I picked up the first Harry Potter book– actually, it was given to me by a kindly school librarian– when I was 12, just a year or so after the book was published in 1997. The series took a decade to complete, culminating, for me, with a trip to a bookstore in Germany to buy the UK edition of Harry Potter and the Deathly Hallows during a backpacking trip before my senior year of college. Like any piece of art that wallops you at just the right time, those books embedded themselves in my identity. Who would I have been without Harry Potter, or for that matter, the Beatles, Bob Dylan, The Simpsons, Monsoon Wedding, or that mural on the wall of Amoeba Records commemorating the free speech movement? (When I was a freshman in college, I walked by it twice a day and still think about it pretty often.) We are what we love, especially what we love when we are young.
So, it’s not really correct to say that I’m a “fan” of Harry Potter. It’s deeper than that. The series provided a framework for my adolescence. The first movie coincided with my first real crush, who kissed another girl at the screening and provided my first real heartbreak. I picked up the fourth book one hot high school summer and stayed up till 3 AM weeping over the return of Voldemort, my brothers collaborating on music in the next room. The sixth book came out when I was working at a mini-Borders in a shopping mall, so I remember staring at those unopened boxes in the windowless storage room, eating turkey sandwiches brought in from my parents’ house. Then there was the pinnacle seventh book that summer in Europe, a reading experience so dear that I stopped reading it on the plane in order to finish it in the privacy of my own home.
Continue reading “Fantastic” Spinoffs and Where to Find Them
Editor’s Note: In this episode of Tea & Fiction: The Horror Show we discuss episodes three and four of the docu-series: The Staircase. We also touch on a few other stories that got under our skin: the mysterious death of Elisa Lam and a creepy Reddit “ghost story”. Missed our first podcast? Click here!
Quick note, we misspoke in this podcast that the life insurance was $7,000 when it was actually $70,000.
It’s been a little quiet here in Soapy Science land, and I’m sorry for that because we’ve had some good stuff in the last couple of episodes. It’s like the writers know what I am trying to do here and are throwing me a bone. So let’s get down to it.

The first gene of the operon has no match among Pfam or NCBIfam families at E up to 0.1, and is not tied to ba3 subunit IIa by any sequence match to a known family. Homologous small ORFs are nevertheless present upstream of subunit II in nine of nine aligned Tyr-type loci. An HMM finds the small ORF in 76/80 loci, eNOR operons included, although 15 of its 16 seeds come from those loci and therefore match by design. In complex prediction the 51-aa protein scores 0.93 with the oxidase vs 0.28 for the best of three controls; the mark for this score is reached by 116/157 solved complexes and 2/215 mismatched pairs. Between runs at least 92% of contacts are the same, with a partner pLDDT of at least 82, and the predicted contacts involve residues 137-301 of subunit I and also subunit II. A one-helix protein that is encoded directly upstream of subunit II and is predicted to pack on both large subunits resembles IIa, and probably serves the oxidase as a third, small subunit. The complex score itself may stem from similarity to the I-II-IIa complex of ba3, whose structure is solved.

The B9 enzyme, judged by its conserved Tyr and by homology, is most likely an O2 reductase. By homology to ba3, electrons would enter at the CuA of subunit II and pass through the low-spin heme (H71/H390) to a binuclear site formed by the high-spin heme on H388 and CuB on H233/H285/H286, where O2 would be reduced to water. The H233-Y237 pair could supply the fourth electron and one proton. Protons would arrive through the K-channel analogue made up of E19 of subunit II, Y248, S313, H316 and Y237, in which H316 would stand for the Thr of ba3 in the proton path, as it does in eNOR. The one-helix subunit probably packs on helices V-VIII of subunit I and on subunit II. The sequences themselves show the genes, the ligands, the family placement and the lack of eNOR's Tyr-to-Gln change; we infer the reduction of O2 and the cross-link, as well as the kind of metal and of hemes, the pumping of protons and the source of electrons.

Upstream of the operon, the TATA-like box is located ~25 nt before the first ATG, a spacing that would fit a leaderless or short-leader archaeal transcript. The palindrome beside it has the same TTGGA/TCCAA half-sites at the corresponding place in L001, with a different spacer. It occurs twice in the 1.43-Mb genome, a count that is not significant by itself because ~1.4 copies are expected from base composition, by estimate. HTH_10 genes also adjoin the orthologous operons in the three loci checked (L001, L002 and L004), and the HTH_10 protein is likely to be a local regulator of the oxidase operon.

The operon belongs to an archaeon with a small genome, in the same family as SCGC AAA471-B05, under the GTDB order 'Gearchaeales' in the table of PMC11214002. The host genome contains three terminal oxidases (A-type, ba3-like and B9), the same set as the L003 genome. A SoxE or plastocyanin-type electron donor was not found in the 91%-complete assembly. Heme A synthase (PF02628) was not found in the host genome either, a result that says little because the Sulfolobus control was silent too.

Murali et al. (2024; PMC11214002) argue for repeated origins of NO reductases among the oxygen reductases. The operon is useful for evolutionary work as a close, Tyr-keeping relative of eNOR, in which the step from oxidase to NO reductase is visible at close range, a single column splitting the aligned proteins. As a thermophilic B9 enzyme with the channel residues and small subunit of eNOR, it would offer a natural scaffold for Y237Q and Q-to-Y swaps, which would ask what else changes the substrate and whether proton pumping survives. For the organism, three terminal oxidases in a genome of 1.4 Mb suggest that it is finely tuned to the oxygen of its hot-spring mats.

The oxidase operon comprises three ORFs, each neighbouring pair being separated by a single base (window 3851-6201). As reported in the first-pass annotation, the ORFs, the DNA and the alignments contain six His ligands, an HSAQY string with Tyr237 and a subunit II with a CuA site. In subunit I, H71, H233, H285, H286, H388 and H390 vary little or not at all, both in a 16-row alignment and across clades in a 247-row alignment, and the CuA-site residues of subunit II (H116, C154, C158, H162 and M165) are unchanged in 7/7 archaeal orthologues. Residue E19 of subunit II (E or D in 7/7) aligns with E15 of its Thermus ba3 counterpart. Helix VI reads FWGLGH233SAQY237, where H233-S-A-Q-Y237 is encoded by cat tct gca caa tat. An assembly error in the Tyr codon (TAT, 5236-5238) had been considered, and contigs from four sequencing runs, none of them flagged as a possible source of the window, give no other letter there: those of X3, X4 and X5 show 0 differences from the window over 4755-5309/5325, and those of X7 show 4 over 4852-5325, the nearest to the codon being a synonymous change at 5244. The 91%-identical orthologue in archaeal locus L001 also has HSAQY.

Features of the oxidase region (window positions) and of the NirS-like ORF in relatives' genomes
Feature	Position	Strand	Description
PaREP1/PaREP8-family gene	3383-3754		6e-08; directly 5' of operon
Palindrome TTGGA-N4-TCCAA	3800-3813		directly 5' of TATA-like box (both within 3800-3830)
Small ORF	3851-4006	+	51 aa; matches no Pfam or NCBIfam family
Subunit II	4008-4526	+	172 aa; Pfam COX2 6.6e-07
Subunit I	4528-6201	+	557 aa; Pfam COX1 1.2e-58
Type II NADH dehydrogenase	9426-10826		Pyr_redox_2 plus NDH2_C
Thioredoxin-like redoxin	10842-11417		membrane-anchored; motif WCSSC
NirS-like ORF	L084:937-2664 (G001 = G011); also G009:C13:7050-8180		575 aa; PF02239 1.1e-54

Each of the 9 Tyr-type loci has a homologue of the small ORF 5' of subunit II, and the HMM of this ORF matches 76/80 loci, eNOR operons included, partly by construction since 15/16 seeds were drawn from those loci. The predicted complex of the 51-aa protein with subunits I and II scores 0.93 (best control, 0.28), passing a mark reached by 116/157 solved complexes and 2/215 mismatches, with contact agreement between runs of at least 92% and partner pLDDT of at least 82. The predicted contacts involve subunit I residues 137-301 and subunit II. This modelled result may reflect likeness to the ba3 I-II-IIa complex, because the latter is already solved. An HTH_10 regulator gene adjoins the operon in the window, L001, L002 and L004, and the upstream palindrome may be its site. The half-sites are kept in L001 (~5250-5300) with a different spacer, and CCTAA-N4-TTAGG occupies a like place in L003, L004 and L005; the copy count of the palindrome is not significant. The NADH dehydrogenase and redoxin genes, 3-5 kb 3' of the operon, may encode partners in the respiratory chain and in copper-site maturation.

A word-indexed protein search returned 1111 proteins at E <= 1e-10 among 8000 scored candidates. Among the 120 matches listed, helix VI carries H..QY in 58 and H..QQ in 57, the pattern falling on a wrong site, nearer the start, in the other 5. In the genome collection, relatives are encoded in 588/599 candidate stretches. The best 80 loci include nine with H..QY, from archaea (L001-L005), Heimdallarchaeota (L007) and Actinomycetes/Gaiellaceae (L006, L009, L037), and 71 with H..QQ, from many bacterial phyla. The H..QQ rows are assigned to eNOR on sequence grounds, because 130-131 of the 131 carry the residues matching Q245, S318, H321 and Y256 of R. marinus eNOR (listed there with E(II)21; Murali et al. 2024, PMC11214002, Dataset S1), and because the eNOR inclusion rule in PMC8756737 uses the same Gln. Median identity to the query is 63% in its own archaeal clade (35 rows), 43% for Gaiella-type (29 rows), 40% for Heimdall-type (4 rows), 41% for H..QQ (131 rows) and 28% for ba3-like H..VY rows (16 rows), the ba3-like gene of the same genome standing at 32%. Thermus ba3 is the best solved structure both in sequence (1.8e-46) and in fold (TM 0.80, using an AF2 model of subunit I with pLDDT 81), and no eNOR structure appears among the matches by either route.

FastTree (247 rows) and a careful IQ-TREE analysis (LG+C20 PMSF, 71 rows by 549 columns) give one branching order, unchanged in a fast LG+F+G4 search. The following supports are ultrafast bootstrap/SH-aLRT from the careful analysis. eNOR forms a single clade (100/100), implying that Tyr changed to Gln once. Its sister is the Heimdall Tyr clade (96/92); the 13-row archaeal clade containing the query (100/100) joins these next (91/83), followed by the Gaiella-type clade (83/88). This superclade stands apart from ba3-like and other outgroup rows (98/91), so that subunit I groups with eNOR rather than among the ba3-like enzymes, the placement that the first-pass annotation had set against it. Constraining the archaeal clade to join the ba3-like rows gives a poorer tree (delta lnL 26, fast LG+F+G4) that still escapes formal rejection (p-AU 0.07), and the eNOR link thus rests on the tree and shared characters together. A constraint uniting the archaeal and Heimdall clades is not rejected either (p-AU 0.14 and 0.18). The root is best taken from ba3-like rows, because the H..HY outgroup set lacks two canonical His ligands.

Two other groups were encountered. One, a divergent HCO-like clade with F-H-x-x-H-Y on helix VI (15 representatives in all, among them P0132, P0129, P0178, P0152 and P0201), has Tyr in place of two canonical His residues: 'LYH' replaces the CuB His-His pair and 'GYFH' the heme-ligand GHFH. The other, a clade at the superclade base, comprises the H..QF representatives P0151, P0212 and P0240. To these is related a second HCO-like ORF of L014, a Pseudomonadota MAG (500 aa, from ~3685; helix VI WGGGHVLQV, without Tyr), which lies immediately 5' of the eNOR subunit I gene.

To recap: Alex is doing scut (a word that can apparently mean anything from the erect short tail of a rabbit to a medieval shield, but which in this case means distasteful work usually carried out by a new doctor) as a sort of penance for his sins (see last week.)
Continue reading Soapy Science: Strange But True
Welcome to episode one of season thirteen, which also happens to be episode one of my attempt to chronicle Grey’s Anatomy in real time.
When we left off last season, Jo, Alex, and DeLuca had gotten themselves into a silly, easily solved predicament; Amelia warmed up her cold, cold feet and married Owen; poor April had to undergo emergency C-section under unusual circumstances, as per Grey’s tradition (has anybody ever just straight-up had a baby on this show?); Meredith, Riggs, and Maggie entered the sort of obtuse love triangle that always leaves one poor sap out in the cold; and Arizona found a way to repair the awfulness of season 12’s custody battle.
Continue reading Soapy Science: When Doctors Attack
I just finished the last episode of Grey’s Anatomy available on Netflix, an accomplishment that feels more or less on par with turning in my Master’s thesis. I mean, look at the time I invested in this show. According to a quick scroll through IMDB, seasons one through twelve were comprised of 268 episodes. At 43 Netflix minutes apiece, that means I spent 11,524 minutes, or 192 hours, watching this show. (I once calculated that I spent 800 hours behind the microscope for my grad school project, so the thesis comparison is not totally out of line.)
Let me first get this out of the way: I know that Grey’s Anatomy is kind of dumb. I could probably have spent those 192 hours on much better things. Yoga teacher training, perhaps, or filibustering. But I also think that Grey’s (as fans call it) isn’t a total waste of time. In fact, I think it gets a lot less credit than it deserves.
Continue reading Grey’s Anatomy: Soapy Science